Photographs of Niagara Falls and the Yosemite Valley helped familiarize Americans with two of their grandest landscapes. In the 19th century, awe-inspiring Niagara Falls became a popular "tourist attraction"--with all the connotations that expression carries today. In 1872 a travel writer remarked: "In no quarter of the world is the traveller fleeced as at these falls; he cannot take a single glance at any object of interest without having to pay dearly for it. Still there are few people who can afford to visit the place who do not go there; for man's impertinence and rapacity, though they poison the pleasure, cannot rob the scene of its awful sublimity."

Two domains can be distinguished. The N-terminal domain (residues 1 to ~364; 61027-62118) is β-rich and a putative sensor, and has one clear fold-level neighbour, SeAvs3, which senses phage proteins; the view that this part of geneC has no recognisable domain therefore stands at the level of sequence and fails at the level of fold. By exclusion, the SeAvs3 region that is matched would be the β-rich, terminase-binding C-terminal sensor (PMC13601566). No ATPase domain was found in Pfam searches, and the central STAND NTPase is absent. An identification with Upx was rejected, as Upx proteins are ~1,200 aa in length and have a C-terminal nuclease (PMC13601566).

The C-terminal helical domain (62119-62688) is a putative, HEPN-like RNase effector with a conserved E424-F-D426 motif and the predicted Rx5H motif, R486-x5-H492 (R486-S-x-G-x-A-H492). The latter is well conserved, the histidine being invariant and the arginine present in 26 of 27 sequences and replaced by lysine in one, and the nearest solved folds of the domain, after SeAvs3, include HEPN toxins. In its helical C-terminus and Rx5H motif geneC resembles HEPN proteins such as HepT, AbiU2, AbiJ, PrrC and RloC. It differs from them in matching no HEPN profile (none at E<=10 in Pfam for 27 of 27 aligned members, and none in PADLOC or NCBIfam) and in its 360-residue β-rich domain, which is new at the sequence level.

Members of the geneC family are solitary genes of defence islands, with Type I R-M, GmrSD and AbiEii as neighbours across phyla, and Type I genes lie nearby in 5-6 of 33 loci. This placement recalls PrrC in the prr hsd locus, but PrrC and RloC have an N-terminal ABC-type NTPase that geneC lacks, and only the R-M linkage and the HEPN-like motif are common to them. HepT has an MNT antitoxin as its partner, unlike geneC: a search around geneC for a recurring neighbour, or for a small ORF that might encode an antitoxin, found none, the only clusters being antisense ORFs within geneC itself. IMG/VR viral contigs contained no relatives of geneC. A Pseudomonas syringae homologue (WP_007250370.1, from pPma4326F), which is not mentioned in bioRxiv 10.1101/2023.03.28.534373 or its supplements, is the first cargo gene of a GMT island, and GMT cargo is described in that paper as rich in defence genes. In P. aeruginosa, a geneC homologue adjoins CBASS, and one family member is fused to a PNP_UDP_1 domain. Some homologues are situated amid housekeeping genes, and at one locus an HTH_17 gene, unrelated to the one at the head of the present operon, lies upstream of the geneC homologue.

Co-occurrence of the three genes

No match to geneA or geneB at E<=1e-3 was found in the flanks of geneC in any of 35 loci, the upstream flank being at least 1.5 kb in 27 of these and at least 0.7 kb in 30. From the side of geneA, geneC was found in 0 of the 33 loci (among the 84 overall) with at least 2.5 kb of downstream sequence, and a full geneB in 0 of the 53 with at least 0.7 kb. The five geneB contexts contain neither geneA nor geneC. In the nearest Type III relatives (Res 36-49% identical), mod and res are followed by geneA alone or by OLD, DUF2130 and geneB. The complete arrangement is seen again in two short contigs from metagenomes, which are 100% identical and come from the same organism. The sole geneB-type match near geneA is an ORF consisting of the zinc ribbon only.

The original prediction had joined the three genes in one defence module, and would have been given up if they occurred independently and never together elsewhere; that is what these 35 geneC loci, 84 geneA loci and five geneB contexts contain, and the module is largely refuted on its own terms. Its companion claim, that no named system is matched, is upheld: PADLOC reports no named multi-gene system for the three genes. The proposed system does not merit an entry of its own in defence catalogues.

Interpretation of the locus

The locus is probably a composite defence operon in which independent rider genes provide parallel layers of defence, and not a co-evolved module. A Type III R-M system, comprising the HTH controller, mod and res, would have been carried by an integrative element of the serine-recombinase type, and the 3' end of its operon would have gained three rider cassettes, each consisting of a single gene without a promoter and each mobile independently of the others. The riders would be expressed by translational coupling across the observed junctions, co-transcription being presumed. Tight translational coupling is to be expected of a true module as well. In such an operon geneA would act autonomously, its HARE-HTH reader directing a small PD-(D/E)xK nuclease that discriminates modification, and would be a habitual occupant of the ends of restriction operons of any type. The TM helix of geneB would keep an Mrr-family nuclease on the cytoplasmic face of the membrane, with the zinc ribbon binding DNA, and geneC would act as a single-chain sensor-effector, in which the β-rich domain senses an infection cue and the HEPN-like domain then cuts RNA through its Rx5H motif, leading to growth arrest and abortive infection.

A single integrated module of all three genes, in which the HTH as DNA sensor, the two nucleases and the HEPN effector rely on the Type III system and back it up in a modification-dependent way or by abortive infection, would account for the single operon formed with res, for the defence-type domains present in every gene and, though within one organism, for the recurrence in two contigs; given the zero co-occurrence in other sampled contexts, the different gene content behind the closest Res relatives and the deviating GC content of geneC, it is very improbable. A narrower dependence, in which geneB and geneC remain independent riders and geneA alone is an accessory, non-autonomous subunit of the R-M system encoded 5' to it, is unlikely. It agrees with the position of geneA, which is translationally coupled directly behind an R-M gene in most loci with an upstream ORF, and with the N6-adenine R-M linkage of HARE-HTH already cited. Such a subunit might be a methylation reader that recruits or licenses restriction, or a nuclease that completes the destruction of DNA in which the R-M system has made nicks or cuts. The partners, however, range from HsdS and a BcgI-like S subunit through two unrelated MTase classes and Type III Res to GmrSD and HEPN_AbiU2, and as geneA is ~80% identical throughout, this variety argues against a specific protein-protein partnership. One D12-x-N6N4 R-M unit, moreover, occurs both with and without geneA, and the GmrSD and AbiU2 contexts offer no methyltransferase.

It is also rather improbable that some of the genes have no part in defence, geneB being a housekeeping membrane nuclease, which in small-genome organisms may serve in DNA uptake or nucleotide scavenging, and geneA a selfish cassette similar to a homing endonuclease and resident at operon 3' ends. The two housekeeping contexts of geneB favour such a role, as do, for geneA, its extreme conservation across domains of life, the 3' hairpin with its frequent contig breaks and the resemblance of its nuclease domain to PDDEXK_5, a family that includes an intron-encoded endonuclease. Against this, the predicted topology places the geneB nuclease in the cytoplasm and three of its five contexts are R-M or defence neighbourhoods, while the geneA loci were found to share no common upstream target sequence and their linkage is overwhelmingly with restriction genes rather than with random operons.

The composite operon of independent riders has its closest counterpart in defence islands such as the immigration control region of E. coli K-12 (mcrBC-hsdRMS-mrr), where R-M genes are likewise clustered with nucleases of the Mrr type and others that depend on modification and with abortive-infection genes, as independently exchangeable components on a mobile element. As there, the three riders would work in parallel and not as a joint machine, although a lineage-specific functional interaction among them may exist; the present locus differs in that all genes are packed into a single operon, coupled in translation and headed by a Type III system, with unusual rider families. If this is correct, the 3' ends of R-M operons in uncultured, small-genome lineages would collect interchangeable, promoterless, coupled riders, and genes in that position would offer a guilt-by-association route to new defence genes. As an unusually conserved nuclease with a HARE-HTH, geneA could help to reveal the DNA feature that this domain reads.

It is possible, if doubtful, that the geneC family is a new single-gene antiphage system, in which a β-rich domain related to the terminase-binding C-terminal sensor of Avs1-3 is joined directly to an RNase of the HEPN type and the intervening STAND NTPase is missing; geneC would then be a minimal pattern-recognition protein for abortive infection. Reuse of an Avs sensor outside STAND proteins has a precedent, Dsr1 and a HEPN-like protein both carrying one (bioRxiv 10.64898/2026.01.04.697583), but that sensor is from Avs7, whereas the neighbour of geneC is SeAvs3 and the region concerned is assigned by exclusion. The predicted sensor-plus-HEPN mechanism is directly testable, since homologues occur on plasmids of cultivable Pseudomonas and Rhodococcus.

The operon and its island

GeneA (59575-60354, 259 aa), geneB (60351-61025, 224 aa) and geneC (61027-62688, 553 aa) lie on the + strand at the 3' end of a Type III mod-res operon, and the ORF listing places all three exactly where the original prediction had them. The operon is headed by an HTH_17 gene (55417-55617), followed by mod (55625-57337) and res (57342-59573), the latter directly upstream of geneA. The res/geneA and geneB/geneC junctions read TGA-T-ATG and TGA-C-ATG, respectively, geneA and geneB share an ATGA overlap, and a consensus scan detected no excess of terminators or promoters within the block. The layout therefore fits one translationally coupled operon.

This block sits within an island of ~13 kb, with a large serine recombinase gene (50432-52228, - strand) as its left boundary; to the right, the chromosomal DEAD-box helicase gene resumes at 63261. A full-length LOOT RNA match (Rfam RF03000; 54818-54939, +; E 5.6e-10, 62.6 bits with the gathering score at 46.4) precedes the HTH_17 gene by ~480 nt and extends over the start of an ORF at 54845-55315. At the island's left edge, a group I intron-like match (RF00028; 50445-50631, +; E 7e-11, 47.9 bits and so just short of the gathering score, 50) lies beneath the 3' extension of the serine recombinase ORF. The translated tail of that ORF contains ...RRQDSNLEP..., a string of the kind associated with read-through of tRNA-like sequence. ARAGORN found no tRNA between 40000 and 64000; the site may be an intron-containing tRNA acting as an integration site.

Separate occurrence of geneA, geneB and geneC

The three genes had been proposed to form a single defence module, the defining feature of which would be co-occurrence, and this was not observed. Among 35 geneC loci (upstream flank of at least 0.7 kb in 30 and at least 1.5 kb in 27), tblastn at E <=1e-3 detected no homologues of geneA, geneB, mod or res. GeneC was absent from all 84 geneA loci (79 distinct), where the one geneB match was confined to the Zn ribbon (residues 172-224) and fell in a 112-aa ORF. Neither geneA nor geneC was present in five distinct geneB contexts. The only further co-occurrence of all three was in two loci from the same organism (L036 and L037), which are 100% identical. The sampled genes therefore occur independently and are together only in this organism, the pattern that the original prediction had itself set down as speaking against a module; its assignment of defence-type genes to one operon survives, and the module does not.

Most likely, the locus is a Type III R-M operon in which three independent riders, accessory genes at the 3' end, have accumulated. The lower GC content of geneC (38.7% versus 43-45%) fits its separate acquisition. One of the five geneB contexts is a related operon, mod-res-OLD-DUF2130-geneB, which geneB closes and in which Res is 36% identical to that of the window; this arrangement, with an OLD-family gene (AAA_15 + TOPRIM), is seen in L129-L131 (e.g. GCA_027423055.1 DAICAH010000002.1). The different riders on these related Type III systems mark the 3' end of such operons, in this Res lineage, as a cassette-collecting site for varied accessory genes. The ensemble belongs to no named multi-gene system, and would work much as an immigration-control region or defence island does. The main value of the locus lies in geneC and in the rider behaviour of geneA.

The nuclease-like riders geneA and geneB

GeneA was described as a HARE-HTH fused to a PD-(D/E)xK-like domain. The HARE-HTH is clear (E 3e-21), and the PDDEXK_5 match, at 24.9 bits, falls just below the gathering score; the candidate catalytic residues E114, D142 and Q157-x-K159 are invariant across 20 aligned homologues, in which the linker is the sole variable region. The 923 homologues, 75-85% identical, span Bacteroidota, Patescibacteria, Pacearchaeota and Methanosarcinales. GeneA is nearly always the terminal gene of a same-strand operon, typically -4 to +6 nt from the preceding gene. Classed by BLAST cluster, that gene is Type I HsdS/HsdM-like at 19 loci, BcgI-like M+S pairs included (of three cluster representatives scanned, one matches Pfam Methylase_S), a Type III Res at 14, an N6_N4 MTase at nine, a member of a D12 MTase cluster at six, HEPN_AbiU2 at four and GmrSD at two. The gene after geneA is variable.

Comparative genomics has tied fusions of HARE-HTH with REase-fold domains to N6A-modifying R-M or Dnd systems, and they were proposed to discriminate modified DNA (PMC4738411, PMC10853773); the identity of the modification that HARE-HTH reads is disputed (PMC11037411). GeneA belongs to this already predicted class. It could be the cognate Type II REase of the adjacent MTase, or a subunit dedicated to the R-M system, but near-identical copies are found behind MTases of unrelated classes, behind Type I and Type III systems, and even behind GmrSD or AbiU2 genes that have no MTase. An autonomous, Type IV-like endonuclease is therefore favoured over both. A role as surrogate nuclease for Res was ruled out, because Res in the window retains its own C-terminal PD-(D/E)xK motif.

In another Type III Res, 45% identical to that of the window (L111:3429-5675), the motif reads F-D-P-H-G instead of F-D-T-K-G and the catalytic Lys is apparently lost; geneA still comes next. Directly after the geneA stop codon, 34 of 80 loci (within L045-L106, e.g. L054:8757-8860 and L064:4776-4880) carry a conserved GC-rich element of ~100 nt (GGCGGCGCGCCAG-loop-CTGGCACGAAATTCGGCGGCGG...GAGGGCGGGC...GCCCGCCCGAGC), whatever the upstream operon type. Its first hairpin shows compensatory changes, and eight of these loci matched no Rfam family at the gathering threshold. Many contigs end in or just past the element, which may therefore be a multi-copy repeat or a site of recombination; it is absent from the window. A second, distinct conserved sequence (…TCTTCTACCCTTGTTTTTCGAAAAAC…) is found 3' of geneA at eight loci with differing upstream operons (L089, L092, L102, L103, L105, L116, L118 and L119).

Perhaps nowhere were differing views on the environment more evident than in the Yosemite Valley, home to Native Americans, gold miners, surveyors, and naturalists like John Muir. Images of Yosemite also raised questions about the assumed objectivity of photography. Writers like Henry David Thoreau and John Muir interpreted these scenes much differently than Native Americans or entrepreneurs hoping to capitalize on natural resources. In particular, the Mariposa Grove of giant sequoias illustrated the debate between protection and exploitation of natural resources. Photographs of the trees, like those made by photographers Carleton Watkins and Eadweard Muybridge, spurred Congress in 1864 to preserve the area "for the benefit of the people, for their resort and recreation." Those who venerated the trees enough to name them saw the grove as proof of the American republic's preordained heroic destiny, while others reaped the financial benefits of tourism. Then, as now, pleas for preservation vied with demands for development.